2005-06-09

Whitewash against whitewash

I am familiar enough with Belgrade's grafitti campaigns, usually from the far right, or that part of it unable to print posters, scrawling expressions of support for their favorite indictee (the spots where people changed «Šešelj srpski junak» to «Šešelj srpski šupak» and «Šešelj srpski junac» are personal favorites). Since I am arriving there tonight, I do not know how widespread the slogans pictured below (declaring «Scorpions Serbian heroes» and «Ten years since the liberation of Srebrenica») are.

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The photos (courtesy of the mighty B92) show the grafitti being painted over in white by members of the Democratic Youth. Thanks to AR for bringing them to my attention.

10 comments:

R Byrne said...

I saw this... I'm so glad you blogged it. I think, judging from the spray writing, that this is one or two people.
Dalmatinska has been one of his favorite places to tag with this cyrillic graffiti, especially the Seselj stuff...

Anonymous said...

Oh yeah. It's one or two guys, maybe just one. The handwriting is distinctive.

He's a busy little bugger, though.


Doug M.

T K Vogel said...

They could sure use some whitewashers (of the kind shown in the pics) over in Banja Luka though.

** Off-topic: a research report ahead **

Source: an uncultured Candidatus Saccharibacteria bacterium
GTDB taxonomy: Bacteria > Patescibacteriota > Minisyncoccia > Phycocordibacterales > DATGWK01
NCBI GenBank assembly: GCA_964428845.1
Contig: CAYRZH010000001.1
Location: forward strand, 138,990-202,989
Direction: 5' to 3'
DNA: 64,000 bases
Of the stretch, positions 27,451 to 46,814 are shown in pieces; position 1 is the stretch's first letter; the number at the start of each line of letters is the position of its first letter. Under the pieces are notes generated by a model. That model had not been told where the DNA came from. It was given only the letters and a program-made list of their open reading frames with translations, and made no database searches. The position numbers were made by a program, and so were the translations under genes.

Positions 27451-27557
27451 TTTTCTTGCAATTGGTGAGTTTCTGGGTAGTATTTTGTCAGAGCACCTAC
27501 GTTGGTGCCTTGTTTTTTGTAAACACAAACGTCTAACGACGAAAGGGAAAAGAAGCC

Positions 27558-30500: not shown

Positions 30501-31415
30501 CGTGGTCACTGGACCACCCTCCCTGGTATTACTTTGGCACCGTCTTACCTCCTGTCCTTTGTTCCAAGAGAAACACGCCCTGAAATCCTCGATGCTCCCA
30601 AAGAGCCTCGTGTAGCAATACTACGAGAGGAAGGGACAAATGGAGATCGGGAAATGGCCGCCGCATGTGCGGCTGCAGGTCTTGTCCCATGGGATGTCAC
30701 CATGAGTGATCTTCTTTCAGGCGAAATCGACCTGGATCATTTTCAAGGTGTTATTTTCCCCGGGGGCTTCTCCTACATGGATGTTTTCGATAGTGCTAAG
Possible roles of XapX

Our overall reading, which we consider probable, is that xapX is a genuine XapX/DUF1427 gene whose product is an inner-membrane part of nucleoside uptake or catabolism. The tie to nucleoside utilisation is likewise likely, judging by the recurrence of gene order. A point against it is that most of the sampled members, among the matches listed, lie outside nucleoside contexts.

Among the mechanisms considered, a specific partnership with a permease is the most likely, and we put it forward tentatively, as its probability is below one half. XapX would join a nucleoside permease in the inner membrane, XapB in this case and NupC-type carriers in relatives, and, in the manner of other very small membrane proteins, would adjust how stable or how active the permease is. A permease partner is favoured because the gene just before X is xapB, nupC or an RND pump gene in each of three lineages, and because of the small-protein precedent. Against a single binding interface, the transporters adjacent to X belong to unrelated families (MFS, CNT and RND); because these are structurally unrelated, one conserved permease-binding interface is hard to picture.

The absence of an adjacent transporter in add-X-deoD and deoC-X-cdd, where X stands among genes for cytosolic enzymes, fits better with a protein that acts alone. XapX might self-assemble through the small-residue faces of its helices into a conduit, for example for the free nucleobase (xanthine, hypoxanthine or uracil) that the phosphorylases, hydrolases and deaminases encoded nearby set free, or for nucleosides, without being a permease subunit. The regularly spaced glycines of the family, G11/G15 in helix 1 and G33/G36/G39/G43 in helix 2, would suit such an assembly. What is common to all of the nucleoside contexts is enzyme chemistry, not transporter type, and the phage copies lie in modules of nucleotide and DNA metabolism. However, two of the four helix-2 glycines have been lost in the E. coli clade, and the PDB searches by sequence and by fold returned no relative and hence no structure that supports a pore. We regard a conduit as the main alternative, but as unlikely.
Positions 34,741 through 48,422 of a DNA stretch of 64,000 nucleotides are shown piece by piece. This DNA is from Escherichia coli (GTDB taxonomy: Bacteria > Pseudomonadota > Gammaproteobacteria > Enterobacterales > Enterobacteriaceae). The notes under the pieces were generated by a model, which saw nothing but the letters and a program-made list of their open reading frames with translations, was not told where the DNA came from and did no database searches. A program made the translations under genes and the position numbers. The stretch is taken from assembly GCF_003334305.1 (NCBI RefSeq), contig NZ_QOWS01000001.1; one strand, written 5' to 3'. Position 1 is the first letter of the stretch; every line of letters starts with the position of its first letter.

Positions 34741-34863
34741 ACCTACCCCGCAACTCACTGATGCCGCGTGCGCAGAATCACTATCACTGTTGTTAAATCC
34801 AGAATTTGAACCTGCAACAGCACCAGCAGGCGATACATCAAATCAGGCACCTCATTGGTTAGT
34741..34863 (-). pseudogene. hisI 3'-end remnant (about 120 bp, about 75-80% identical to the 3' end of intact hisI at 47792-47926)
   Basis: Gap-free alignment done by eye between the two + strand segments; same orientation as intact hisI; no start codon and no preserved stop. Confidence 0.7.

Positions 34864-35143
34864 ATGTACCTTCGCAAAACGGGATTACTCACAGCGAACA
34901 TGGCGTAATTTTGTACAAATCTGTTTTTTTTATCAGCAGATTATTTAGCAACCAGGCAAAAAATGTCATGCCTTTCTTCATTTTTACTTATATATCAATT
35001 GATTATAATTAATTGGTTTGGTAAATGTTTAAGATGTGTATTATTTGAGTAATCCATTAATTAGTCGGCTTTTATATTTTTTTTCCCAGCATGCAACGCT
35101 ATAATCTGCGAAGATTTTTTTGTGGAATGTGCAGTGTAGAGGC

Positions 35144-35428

Eric Gordy said...

I've thought of that. And then I wondered whether I would be able to recognise a person's handwriting in spray paint. This calls for a grant application.

Tinana said...

I don't know, I can't tell the difference between my dad's and my aunt's writing. They both went to university in Banja Luka for Mechanical Engineering and had to practice writing over and over until no one could tell if it was typed or written by human hand. Even I remember being reprimanded in elementary school for my writing not being identical to the teacher's.

filologanoga said...

There are quite a few articles about Serbian reaction to Srebrenica revisited, and about the panel on it at the Law Faculty in Belgrade (and the counter-panel), in last issue of Republika (http://www.republika.co.yu/). The magazine is quite interesting, BTW.

filologanoga said...

A gossip, off-topic: in Zagreb, day before yesterday, the government proposed a law excluding protesters from the Markov trg in Zagreb, a square in front of the House of Parliament & Government House. The public revolted. Passing near Markov trg today, I noticed it is almost completely barricaded because of archeological research. One can't help but remember that Mrs Sanader, the spouse of Croatian prime minister, is an archeologist.

Eric Gordy said...

Wow, archaeological research! It does seem like a good way of dealing with the design of all of the cities of this period and region, though, in which major institutions are aligned around a square in a way that seems to shout "please protest here."

Yakima_Gulag said...

It is actually good public policy to have places which are sort of 'Please Protest Here' type of areas by common agreement. Any country which lacks such a space is in deep serious horrible trouble!
Markov Trg has been such a place since it's existance. It probably does have some interesting archeological remains but they are all under the pavement.

Yakima_Gulag said...

Damn, meant to say, the guy's graffiti was FAR more legiable than the stupid gang graffiti in the Gulag. Thanks for shareing that!